There are too many snakes to name, which is why it’s important to do some research about potential snakes in the area you may be visiting. Most public parks indicate if poisonous snakes are around. Do your own homework and play it safe without having to rely on a sign that may or may not still be standing when you arrive.
Mosquitoes and ants are annoying. These two are the most common insects you’ll come across. Spray on mosquito repellent and avoid stepping in ant piles. Common sense will help you avoid these insects.
The insects you should be looking out for are bees and wasps. Bees especially if you are allergic. Avoid either insect at all costs. Where there is one, there is many. Both are notorious for not letting up once they are on the attack.
Tips for safe geocaching …
What can you do to keep yourself safe? Here are a few tips to help you be a little more safer on your next hunt.
1. Plan ahead
Sounds obvious?! That’s because it is, yet it is often overlooked!
Plan your route and prepare for the type of weather you are going to be in. This simple tip of planning your adventure can be the difference between a good time and a disaster. Seems a bit extreme, but you never know what’s going to happen when you are out on a hunt.
It’s always best to be prepared. And no, you cannot prepare for everything. No one can. You can only be more prepared than the person who didn’t plan.
All different scenarios could occur. A flat tire. You forgot to charge your phone. Lost in the woods. You get the idea.
2. Pack supplies
Make a list of what you need for however long you plan on hunting. Personally, a backpack stocked with supplies is your best option. You could choose a lightweight, drawstring backpack, but there are better options, such as classic school backpack or hiking backpack.
A school backpack will easily store water bottles, snacks, a small first aid kit, flashlight, and extra pens for signing logs. Plus, you can keep trinkets to leave behind for trading with other geocachers.
Hiking backpacks are more durable and can store tons more supplies. Realistically, they are overkill. Most hunts will last a few hours, so unless you plan on camping or making long treks try to pack light.
A fanny pack or shoulder sling bag is a great option for small hunts around town.
Regardless, choose a bag to hold your supplies. It’s better to have it and not need it than to need it and not have it.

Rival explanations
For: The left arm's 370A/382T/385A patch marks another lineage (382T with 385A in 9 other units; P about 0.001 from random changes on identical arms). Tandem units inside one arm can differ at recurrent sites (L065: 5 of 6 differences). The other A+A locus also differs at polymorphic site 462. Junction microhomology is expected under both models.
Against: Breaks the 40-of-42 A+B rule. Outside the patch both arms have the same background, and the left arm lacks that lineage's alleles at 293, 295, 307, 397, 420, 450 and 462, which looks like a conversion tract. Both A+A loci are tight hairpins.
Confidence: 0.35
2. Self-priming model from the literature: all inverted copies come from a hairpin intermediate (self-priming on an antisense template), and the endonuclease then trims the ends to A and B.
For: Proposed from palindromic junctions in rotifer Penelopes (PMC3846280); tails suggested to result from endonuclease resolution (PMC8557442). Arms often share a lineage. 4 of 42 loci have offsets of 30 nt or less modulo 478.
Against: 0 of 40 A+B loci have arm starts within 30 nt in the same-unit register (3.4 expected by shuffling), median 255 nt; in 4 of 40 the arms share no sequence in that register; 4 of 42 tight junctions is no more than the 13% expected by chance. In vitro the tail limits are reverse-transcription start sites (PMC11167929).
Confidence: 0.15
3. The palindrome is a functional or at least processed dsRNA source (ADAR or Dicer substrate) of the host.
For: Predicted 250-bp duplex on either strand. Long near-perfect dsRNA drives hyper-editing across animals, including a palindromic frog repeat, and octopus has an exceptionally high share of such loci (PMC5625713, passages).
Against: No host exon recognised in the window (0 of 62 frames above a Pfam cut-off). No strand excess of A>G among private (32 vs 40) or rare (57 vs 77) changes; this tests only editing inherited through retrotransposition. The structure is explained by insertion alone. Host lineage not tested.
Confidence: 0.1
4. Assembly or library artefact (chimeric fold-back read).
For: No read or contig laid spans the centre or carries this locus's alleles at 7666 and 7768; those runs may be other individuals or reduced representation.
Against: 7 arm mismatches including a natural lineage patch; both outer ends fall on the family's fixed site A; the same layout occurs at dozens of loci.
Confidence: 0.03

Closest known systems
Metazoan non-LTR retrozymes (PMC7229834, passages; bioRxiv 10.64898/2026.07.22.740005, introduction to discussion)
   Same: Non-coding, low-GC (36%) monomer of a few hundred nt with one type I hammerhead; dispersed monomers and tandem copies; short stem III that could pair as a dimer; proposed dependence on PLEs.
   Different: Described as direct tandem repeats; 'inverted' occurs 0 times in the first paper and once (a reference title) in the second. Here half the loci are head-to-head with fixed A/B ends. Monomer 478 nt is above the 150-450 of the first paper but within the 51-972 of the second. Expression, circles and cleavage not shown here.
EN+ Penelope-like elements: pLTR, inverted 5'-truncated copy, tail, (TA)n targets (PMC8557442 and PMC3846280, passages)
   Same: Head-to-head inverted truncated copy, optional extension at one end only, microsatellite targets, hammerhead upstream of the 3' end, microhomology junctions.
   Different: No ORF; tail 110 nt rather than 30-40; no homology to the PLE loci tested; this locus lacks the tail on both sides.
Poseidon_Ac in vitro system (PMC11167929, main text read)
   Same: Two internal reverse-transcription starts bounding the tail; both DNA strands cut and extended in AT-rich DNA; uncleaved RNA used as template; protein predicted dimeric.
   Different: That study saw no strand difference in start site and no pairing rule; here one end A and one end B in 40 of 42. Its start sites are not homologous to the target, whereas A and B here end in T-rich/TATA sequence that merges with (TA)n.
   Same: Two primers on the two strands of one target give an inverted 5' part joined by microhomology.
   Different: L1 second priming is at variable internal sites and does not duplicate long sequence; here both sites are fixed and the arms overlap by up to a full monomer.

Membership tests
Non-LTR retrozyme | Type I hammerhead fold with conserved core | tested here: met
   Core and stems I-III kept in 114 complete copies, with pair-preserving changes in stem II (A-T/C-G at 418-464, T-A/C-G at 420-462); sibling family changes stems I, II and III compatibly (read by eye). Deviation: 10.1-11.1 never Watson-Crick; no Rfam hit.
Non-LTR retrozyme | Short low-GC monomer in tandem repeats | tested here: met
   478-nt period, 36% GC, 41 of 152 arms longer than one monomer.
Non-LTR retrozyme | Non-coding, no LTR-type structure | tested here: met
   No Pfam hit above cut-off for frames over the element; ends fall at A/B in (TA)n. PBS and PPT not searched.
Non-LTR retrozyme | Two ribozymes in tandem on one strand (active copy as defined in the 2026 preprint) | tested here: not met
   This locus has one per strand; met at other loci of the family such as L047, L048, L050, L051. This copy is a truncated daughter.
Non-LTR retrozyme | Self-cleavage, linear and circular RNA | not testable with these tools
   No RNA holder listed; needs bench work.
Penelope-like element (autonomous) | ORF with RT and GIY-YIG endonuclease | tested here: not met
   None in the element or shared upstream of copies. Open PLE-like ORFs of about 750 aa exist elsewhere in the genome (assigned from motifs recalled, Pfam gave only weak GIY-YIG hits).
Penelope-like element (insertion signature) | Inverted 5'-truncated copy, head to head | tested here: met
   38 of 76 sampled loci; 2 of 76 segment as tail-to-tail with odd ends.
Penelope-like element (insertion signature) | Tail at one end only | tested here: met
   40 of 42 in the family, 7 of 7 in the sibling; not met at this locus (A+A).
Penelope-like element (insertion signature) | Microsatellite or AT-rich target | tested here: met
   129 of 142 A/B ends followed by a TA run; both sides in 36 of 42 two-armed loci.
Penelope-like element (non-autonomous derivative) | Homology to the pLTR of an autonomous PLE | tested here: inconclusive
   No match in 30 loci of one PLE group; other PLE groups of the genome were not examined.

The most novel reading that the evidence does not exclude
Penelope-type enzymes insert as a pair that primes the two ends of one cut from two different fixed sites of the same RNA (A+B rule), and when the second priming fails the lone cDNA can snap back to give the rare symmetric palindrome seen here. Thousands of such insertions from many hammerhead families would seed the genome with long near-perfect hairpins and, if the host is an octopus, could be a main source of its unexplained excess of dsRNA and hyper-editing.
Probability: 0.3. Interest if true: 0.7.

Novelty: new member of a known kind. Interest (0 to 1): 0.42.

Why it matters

3. Tell people where you are going
Most hikers know this tip by heart. That’s because it can save a life. Always tell someone where you are going and when you will be back. This tip does not only pertain to the great outdoors. Anything could happen, even within city limits.
Try to give someone a rough idea of where you will be, and when you plan on returning. Considering you need the app on your phone to track caches, it won’t be difficult to update someone if you plan to hunt a new place or for longer than expected.
4. Know your limits
Geocaching is fun. That’s why it has exploded in popularity. If you have ever found a cache, then you know the thrill that comes with it – just like you know the desire to find another immediately after.
It’s easy to get caught in the hunt. You lose track of time and end up walking for miles.
If you have never been on a hunt, well then you should be expecting a ton of walking, bending, and reaching at various heights. Know your physical limits and plan for them.
It’s important to know what your physical limit is. You know yourself better than anyone else. Which means you know when it is time for a break. Take one or stop all together.
Don’t risk your health or get an injury because you pushed on in order to find a cache.
Geocaching is a fun way to get in daily exercise. However, don’t let the fun fool you into forgetting you are exercising. Stretch, warm up, and drink plenty of water to prevent injuries. Build your endurance over time.
Final Thoughts …
The main purpose of this short post is not, by any means, to scare you on what you might be encountering while looking for targets geocaching …
… My goal is simply to grow your awareness about the worst case scenarios (generally unlikely to happen) so you will be able to keep yourself (and also your geocaching partners if doing it in groups) safe at all times!
So, with that being said, please take notes of those elements above and consider implementing them as much as you possibly can!